Smartphone security: tips to prevent identity theft


Reporter - Robert Bradfield
Photojournalist - Mike Spissinger

A quick Google search will show you just how many phone applications there are out there. Some of them often come with risks.

Willie Kerns with Smartpath Technologies says that cell phone convenience could make you vulnerable to identity theft. That's because users don't always take password protection seriously.

"Within the past few years, with mobile devices you really are carrying all that personal information in your back pocket now," Kerns said.

Kerns says one of the major missteps is downloading apps that look real, but aren't. Banking institution apps are popular with cell phone users, but they're also popular with criminals.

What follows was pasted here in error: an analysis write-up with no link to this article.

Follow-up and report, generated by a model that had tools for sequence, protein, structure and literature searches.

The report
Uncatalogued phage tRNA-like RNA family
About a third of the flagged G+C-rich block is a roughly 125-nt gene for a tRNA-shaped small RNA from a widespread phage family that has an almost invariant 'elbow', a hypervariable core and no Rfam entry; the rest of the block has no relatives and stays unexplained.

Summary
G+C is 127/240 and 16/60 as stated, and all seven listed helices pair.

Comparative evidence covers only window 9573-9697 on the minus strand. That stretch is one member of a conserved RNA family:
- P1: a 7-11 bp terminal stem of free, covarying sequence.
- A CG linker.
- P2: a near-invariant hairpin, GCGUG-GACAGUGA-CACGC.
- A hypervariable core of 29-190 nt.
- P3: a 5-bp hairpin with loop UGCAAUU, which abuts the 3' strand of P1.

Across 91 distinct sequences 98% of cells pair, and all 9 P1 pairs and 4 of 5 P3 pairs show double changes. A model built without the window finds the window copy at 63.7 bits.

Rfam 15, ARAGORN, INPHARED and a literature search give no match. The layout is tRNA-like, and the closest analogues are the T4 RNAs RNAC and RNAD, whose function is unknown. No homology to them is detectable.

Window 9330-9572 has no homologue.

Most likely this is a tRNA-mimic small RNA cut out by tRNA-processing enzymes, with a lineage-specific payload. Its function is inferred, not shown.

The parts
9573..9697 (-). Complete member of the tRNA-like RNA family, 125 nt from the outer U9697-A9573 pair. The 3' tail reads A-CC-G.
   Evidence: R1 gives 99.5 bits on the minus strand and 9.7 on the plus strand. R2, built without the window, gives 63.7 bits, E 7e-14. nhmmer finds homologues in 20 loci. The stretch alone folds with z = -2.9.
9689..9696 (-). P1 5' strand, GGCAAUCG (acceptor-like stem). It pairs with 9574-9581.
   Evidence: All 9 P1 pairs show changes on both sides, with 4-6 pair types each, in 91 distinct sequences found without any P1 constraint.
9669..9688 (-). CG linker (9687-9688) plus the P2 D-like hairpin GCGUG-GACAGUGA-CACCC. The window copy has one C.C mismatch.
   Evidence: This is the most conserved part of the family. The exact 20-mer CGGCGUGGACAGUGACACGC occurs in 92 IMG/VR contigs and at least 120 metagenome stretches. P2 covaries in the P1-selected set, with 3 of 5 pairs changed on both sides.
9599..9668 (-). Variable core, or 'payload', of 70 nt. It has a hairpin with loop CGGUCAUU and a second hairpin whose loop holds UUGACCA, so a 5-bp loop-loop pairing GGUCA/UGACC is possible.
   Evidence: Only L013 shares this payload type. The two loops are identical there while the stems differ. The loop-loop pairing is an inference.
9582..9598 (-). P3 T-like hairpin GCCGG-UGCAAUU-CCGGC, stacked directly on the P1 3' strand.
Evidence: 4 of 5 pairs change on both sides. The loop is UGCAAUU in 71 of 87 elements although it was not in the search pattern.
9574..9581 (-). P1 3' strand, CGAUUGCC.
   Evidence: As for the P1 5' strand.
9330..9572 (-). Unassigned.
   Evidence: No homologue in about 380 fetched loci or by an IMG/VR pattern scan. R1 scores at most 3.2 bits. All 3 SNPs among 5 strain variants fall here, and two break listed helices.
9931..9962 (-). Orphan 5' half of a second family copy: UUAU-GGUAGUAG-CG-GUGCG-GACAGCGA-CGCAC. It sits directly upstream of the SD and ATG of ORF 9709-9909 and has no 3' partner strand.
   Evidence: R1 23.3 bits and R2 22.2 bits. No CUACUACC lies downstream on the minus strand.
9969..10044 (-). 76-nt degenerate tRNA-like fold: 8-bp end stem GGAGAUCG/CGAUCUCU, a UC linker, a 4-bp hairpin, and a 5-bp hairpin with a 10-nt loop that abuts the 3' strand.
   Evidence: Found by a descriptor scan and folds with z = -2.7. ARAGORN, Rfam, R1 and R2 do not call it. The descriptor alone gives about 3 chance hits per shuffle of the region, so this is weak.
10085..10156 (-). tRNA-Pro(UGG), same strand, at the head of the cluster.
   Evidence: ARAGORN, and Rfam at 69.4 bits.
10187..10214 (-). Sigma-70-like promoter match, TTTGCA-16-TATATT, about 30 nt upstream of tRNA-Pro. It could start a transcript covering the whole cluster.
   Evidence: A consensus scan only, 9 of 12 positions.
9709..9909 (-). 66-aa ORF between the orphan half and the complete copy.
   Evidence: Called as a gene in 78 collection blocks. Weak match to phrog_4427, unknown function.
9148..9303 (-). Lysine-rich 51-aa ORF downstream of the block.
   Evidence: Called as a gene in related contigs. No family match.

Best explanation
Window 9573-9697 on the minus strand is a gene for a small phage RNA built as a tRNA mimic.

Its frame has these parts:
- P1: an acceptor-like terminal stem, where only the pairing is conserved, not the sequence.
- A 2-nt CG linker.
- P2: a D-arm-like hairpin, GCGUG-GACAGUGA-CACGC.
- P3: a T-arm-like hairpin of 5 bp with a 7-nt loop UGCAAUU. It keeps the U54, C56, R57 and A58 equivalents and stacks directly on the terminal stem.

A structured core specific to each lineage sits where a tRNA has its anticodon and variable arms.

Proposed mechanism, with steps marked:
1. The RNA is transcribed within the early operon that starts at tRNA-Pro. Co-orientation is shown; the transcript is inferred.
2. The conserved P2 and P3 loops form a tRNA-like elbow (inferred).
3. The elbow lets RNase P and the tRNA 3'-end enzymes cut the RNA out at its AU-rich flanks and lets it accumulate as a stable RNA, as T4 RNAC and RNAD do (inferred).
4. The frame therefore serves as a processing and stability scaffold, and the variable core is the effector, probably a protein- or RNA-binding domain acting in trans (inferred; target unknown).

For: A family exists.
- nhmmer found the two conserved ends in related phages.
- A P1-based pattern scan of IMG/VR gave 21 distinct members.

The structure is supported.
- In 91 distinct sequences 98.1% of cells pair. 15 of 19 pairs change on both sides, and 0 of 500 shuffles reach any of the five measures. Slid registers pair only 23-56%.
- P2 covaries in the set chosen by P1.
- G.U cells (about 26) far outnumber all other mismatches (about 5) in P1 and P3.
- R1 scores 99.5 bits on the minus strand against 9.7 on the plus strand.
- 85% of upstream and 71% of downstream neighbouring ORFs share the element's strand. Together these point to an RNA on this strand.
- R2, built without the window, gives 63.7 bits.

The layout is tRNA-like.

Kerns says you should check with your bank before you download their app.

"I know of a couple financial institutions in west Kentucky alone that don't have mobile applications yet," Kerns said. "But that's definitely not going to stop somebody from possibly publishing an app using that bank's logo on the app."

Kerns says users with preset passwords are at a higher risk of trouble should you lose your phone. Scammers and hackers have an easier time accessing your personal information if you already store it.

Deleting the presets or even having a password to get into your phone cuts down your chance of identity theft.

"An ounce of common sense would go along way and do be very protective of it," Kerns said.

Kerns also urges common sense when you're asked to scan a credit or debit card when using a credit card reader that attached to a phone. Kerns says it's becoming a trend with business owners and even drug dealers.

"It's definitely worth your due diligence in doing your homework," Kerns said.

It could save you time and money, along with the headache of trying to regain your identity.